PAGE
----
Saturday, November 3, 2018

The Stuff of Stars by Marion Dane Bauer and illustrated by Ekua Holmes

My thoughts:  The art in this book is dark. But understanding the event being depicted as the beginning of the Universe - stars, suns, planets. It is, however, interesting and does capture the essence of galaxies, nebula, etc. The dark imagery explodes into swirls of reds, orange, blues, yellows.

The text is poetry and is well done making for a nice read.

The problem with this secular book is that it delves into the beginnings and mixes up the theory of a "Big Bang" explosion as the beginning and then mentions a "weighty God."  I understand that some who believe in God also hold to the theory of a Big Bang as the explosive beginning of the Universe and don't see a conflict in their theology.

For a secular book the poem is good, the illustrations other-worldly, and the concept of love sweetly brought out.

As a Christian (or for those whose theology is Judaeo-Christian) the origin of the Universe began as the spoken word of God. As the author said,  "weighty God."  And for me, personally, I believe firmly in the Creation of all things by God. That is, Jehovah God.

I think this book's poetic explanation of the beginning of our wonderful and beautiful Universe and Earth is quite moving and exceptionally well done. I can not, however, personally recommend it.

About the book: In an astonishing unfurling of our universe, Newbery Honor winner Marion Dane Bauer and Caldecott Honor winner Ekua Holmes celebrate the birth of every child.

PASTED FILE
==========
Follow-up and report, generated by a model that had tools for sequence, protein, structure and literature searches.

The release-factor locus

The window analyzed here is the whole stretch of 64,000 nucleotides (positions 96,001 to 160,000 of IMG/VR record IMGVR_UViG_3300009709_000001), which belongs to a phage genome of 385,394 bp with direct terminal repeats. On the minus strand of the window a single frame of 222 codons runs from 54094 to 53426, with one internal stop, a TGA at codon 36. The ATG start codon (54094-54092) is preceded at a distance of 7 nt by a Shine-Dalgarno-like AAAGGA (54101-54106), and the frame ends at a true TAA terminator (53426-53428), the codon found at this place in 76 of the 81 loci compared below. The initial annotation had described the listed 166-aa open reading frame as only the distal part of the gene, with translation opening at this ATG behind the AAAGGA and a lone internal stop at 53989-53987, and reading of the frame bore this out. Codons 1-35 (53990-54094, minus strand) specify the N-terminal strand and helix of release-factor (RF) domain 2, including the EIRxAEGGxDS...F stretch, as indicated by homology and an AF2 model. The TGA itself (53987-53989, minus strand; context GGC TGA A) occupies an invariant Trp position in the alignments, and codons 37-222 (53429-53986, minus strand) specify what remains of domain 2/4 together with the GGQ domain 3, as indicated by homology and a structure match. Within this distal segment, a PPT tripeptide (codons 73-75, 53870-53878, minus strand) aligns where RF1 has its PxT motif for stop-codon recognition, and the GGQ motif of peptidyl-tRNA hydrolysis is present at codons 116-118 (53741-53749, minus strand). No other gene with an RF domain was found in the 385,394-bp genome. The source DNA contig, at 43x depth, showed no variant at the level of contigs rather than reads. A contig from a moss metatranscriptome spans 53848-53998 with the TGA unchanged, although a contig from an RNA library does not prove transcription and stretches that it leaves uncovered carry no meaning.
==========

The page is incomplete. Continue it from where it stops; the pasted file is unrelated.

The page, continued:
Before the universe was formed, before time and space existed, there was . . . nothing. But then . . . BANG! Stars caught fire and burned so long that they exploded, flinging stardust everywhere. And the ash of those stars turned into planets. Into our Earth. And into us. In a poetic text, Marion Dane Bauer takes readers from the trillionth of a second when our universe was born to the singularities that became each one of us, while vivid illustrations by Ekua Holmes capture the void before the Big Bang and the ensuing life that burst across galaxies. A seamless blend of science and art, this picture book reveals the composition of our world and beyond -- and how we are all the stuff of stars.

DISCLOSURE: I received a complimentary copy from Candlewick Press to facilitate this review. Opinions are mine, alone, and are freely given.

1 comment:

  1. I definitely agree with your assessment! Thanks for sharing this at Booknificent Thursday on!


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